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Glosten: U.S. Needs Government Leadership on Low-Carbon Shipping

hearing
The Glosten / Bieker Boats "foil ferry" electric vessel concept (Glosten)

Published Apr 20, 2021 11:21 PM by The Maritime Executive

At a congressional hearing on maritime industry decarbonization last week, the president of naval architecture firm Glosten, Inc. called for a new strategic initiative to invest in green technology for the U.S. domestic fleet. 

"Creating a carbon-free maritime industry is an unprecedented challenge that creates a unique opportunity for U.S. technology developers. If this is our goal, time is of the essence. We will soon lose to foreign competition that is better funded and better prepared to lead the maritime industry toward decarbonization," testified Morgan M. Fanberg, president of Glosten, at a hearing of the House Subcommittee on Coast Guard and Maritime. "We are at a point where we can either be late and adopt foreign technologies, or we can move quickly and lead the world."

U.S. technological competition could begin at home, Fanberg said, with new investments in the Jones Act fleet. With more than 3,600 vessels of 100 GT and up - tugs, ferries, OSVs, workboats and coastal merchant ships - the U.S. has one of the largest domestic fleets in the world. Under the right conditions, this fleet could be a natural market for U.S.-based low-carbon technological development. 

Fanberg called for a new strategic initiative on maritime decarbonization, led by the Department of Energy and the Maritime Administration, to fund the R&D and infrastructure required for low-carbon investments. First and foremost, he recommended government investment in the infrastructure for electric vessel charging and zero-carbon fuel bunkering in port areas. The additional cost of new shoreside energy infrastructure is often challenging for ports and vessel operators to underwrite.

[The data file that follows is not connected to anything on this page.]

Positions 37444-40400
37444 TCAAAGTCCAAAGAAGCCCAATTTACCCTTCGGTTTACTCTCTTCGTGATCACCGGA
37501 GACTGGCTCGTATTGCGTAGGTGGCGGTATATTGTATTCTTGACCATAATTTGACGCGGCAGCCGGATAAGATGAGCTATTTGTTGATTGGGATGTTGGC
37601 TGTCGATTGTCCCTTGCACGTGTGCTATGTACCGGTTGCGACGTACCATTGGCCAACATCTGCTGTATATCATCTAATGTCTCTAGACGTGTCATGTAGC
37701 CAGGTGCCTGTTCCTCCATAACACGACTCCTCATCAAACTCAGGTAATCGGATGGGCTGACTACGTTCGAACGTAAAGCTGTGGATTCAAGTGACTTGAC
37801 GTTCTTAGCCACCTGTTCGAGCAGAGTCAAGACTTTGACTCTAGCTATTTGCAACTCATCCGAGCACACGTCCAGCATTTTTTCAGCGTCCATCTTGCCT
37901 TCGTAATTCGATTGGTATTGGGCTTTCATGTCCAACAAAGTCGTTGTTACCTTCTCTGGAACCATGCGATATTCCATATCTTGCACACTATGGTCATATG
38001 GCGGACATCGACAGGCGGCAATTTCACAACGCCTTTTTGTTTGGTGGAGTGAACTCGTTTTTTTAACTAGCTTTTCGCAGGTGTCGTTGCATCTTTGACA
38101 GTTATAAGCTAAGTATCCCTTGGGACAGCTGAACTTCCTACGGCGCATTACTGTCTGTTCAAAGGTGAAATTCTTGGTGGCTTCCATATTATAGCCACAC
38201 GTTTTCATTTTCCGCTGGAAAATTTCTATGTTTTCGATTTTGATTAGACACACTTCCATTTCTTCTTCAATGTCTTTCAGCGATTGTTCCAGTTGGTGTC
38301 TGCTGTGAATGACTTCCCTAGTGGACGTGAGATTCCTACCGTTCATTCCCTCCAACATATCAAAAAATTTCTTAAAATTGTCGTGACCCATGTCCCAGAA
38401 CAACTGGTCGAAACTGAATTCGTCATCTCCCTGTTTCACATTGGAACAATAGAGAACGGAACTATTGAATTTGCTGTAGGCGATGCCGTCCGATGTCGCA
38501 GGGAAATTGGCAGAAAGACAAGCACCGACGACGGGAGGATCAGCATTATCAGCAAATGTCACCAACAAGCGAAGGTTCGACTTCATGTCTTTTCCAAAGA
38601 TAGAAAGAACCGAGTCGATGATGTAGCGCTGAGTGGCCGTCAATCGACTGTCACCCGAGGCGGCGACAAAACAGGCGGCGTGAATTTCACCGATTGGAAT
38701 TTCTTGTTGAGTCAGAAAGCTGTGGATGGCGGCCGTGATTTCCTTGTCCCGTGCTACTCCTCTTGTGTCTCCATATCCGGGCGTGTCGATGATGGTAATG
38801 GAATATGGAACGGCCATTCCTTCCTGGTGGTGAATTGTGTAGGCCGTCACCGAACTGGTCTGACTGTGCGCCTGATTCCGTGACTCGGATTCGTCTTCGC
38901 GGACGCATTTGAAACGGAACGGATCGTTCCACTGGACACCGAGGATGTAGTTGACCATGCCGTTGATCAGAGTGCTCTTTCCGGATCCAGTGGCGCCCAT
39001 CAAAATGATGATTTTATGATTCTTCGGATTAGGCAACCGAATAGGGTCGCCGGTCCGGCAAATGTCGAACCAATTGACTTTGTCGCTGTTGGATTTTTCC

Second, he proposed a concerted public-private effort to start R&D pilot projects, bringing together academic researchers, industry partners and the maritime academies. He noted that Glosten's recent project with Bieker Boats on an electric, hydrofoil ferry design had received roughly $0.4 million in federal support, while a competing project in the UK (Artemis Technologies) received government backing totaling $45 million. In a similar example, a 2018 design for a hydrogen-powered research vessel by Glosten and Scripps is still awaiting federal funding, while the EU is providing $25 million towards the development of two hydrogen-powered ro/ro freight ferries for Wilhelmsen. 

"The global maritime industry has not faced a more daunting challenge since vessels moved from sail power to steam. Action must be taken now to tackle the amount of scientific and engineering work required to move the industry to carbon-free in the next 25-30 years. We have the key resources ready to meet this challenge, but if we delay, we will watch as foreign countries develop future technologies in equipment, fuels, and infrastructure," warned Fanberg. "We need government to partner with academia and private industry to develop, deploy, and demonstrate decarbonization technologies to achieve emission targets and position the United States as the global maritime leader."